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Khomeini's Ghost

Khomeini’s Ghost

As the Obama administration prepares to engage Iran diplomatically, one question is paramount: Who are the men with whom the White House hopes to reach accommodation with?

Con Coughlin’s new book “Khomeini’s Ghost: The Iranian Revolution and the Rise of Militant Islam” is designed to answer that question. He identifies the “Supreme Guide” as the final decision-maker in the Islamic Republic and thus the interlocutor for Obama. “The powers entrusted to the Supreme Guide.. compare favorably to those claimed by Europe’s fascist dictators… with the added benefit of claiming divine inspiration.” Next to the “Supreme Guide”, Coughlin suggests the Islamic Revolutionary Guard (Corps), the parallel army created by the mullahs, as the key element in shaping Iran’s domestic and foreign policies.

One of Britain’s best-known Middle East correspondents, Coughlin draws on years of direct contact with Khomeinist movements. He shows how Khomeinism, a radical doctrine based on Shiite Islam, has influenced and, in some cases, rejuvenated militant movements within Sunni Islam as well. Coughlin rejects the claim of many self-styled Iran experts who insist that militant Shiism cannot enter into even tactical alliances with Sunni radicals. According to Coughlin, by the time 9/11 happened “the links between Al Qaeda and Iran’s Revolutionary Guards went back nearly a decade, and there was evidence that Iran might have had some involvement in the September 11 attacks.” Moreover, Imad Mughniyeh, the chief terror mastermind of the Lebanese Hezbollah ” accompanied the 9/11 hijackers on their flights between Iran, Lebanon and Saudi Arabia and had meetings with Saudi Hezbollah which had links with the hijackers the majority of whom were Saudis.”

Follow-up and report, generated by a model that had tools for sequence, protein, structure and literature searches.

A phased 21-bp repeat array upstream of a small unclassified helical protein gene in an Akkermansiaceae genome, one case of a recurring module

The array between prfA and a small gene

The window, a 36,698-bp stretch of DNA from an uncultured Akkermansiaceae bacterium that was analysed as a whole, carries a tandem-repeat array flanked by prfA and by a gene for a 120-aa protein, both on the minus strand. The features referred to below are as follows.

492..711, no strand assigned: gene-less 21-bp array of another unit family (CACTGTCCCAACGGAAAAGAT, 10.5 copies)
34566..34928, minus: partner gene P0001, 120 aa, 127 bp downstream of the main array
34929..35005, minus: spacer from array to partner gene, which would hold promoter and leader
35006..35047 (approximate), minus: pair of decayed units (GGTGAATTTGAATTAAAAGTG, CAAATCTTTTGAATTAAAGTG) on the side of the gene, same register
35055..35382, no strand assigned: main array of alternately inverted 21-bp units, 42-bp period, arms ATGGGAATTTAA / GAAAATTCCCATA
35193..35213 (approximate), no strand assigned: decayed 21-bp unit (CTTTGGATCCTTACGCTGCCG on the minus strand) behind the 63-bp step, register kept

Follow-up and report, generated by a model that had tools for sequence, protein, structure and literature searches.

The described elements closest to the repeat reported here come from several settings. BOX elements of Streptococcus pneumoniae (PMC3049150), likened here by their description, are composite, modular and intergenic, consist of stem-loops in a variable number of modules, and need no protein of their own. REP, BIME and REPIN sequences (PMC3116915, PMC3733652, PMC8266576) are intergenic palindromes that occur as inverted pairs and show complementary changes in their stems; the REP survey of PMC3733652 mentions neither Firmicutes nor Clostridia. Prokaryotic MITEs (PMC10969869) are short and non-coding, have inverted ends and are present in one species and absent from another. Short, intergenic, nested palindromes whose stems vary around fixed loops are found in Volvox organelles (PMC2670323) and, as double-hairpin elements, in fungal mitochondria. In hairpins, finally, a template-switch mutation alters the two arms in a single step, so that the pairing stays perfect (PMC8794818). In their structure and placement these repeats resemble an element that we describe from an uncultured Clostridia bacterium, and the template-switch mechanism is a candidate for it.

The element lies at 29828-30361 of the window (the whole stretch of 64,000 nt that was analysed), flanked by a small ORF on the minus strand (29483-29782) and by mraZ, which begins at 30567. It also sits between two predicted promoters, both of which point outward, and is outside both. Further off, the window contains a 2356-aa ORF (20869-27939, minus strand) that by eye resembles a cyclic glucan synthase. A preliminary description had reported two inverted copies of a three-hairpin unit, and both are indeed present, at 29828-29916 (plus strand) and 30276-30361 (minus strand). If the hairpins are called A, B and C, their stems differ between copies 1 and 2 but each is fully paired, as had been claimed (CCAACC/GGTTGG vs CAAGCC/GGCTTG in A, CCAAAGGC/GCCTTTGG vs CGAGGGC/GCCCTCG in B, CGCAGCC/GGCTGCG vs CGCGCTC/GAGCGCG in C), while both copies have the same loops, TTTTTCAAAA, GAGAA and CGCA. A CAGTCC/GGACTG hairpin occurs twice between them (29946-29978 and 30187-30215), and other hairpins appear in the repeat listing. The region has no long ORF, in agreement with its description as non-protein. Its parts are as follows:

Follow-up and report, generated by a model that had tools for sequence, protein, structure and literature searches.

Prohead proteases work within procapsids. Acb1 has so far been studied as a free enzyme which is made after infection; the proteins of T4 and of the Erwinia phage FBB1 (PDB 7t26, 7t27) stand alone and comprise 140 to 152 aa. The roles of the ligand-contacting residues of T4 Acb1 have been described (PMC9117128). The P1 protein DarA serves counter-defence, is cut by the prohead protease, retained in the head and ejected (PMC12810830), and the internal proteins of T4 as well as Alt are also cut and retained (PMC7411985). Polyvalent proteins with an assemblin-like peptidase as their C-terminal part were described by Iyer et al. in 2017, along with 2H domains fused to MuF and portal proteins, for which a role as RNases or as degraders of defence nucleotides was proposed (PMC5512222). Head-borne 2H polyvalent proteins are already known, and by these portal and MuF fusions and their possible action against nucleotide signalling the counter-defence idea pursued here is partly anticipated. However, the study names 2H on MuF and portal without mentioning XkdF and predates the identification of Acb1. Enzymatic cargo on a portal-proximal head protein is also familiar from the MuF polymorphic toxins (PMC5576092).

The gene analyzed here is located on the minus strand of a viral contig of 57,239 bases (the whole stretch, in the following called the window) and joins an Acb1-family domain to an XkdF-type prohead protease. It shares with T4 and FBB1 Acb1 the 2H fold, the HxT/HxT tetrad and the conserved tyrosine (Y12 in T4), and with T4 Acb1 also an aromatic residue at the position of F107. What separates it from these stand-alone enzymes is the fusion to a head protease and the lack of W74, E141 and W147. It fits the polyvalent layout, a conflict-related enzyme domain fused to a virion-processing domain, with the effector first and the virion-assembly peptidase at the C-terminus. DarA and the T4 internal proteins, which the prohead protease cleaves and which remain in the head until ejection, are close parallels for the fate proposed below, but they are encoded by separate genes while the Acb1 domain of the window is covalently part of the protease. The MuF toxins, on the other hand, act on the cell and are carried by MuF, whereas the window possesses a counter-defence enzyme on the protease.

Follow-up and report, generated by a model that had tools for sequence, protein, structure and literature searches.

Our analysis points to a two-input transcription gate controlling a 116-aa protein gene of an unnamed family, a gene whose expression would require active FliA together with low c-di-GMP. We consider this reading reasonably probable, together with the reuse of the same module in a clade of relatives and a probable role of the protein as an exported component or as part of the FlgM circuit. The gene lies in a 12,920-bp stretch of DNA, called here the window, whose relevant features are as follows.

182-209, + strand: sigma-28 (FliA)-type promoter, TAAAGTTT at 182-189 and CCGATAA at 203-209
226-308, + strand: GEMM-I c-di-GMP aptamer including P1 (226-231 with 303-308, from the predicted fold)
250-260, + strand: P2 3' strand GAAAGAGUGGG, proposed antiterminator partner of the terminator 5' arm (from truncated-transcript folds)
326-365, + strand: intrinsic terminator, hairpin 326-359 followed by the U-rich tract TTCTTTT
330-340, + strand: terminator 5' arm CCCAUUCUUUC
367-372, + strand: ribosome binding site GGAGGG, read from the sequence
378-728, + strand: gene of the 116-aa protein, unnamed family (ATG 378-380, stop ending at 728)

Coughlin then goes further by asserting that the Islamic Revolutionary Guard, a paramilitary force created by Khomeini to protect his regime, was responsible for training Osama bin Laden’s al Qaeda fighters in special camps set up in Sudan. These camps were run by the Quds Force, an elite unit of the Islamic Revolutionary Guards set up for the purpose of “exporting revolution.”